Heavens above: what equilibrium means for economics. With an appendix on temporality, equilibrium, endogeneity and exogeneity, in the inductive sciences and in economics
This paper presents in formal terms the key notions of the temporalist approach in economics as I have presented it over the years, with an appendix providing a formal definition of such terms as endogenous, exogenous, temporalism, and equilibrium. I thus hope this paper can serve as something of a reference work for these concepts as well as the key terms ‘esoteric’ and ‘exoteric’ which are widely used in my writings. The paper incorporates, but supersedes, the prepublication version of a chapter of the same name originally published in Mosini, V. (ed) 2007. “Equilibrium in Economics: Scope and Limits”, with a previously unpublished appendix. It provides the background to the argument I have made in a number of other pieces, (for example Freeman 2004, most recently Freeman 2015) to the effect that economics plays a religious, not a scientific role, in the social sciences. I argue that the concept of equilibrium in economics plays a special and defining role in this respect which is not adequately recognised either by its defenders, nor by the critics of economics. I term this role esoteric, by which I mean that its primary function is not to explain what we experience or observe, but to justify it. This is a work in progress but summarises, hopefully with as few typographical and mathematical errors as possible, the general arguments that have been developed, or deployed, in my various writings on equilibrium, self-restoration, crisis, and the esoteric function of economics, to this date.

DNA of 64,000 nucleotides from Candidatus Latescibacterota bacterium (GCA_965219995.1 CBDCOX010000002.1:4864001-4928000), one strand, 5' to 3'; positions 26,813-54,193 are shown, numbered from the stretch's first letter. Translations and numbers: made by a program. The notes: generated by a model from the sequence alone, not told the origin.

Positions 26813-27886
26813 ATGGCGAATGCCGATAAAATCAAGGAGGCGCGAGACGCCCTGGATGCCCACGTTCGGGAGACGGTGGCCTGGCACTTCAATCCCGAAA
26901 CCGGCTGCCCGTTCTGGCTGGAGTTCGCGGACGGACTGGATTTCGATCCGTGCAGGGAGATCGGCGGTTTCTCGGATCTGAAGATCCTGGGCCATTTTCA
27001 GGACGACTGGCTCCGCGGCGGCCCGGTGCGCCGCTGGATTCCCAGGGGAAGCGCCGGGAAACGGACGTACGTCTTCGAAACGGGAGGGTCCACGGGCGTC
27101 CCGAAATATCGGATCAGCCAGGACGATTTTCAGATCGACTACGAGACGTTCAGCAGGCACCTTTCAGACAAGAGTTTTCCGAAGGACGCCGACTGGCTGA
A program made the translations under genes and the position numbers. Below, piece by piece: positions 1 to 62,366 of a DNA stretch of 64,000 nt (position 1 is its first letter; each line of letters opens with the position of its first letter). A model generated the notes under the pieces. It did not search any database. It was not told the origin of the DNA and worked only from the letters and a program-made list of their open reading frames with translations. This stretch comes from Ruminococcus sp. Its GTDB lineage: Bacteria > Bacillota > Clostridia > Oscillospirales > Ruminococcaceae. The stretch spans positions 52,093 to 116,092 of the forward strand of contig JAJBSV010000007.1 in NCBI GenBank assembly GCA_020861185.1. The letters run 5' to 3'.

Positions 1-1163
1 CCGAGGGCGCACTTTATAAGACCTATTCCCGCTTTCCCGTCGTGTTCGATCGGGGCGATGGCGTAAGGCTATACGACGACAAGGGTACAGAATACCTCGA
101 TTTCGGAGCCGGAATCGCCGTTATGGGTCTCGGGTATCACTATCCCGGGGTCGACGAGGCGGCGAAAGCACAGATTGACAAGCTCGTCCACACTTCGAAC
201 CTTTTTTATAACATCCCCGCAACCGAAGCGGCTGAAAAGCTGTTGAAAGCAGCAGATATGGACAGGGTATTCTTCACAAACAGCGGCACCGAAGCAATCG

|Date of creation:||14 Jun 2015|
|Date of revision:||14 Jun 2015|
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- Freeman, Alan & Kliman, Andrew, 2000. "Two Concepts of Value, Two Rates of Profit, Two Laws of Motion," MPRA Paper 6715, University Library of Munich, Germany.
- Paul Davidson, 1991. "Controversies in Post Keynesian Economics," Books, Edward Elgar Publishing, number 121.
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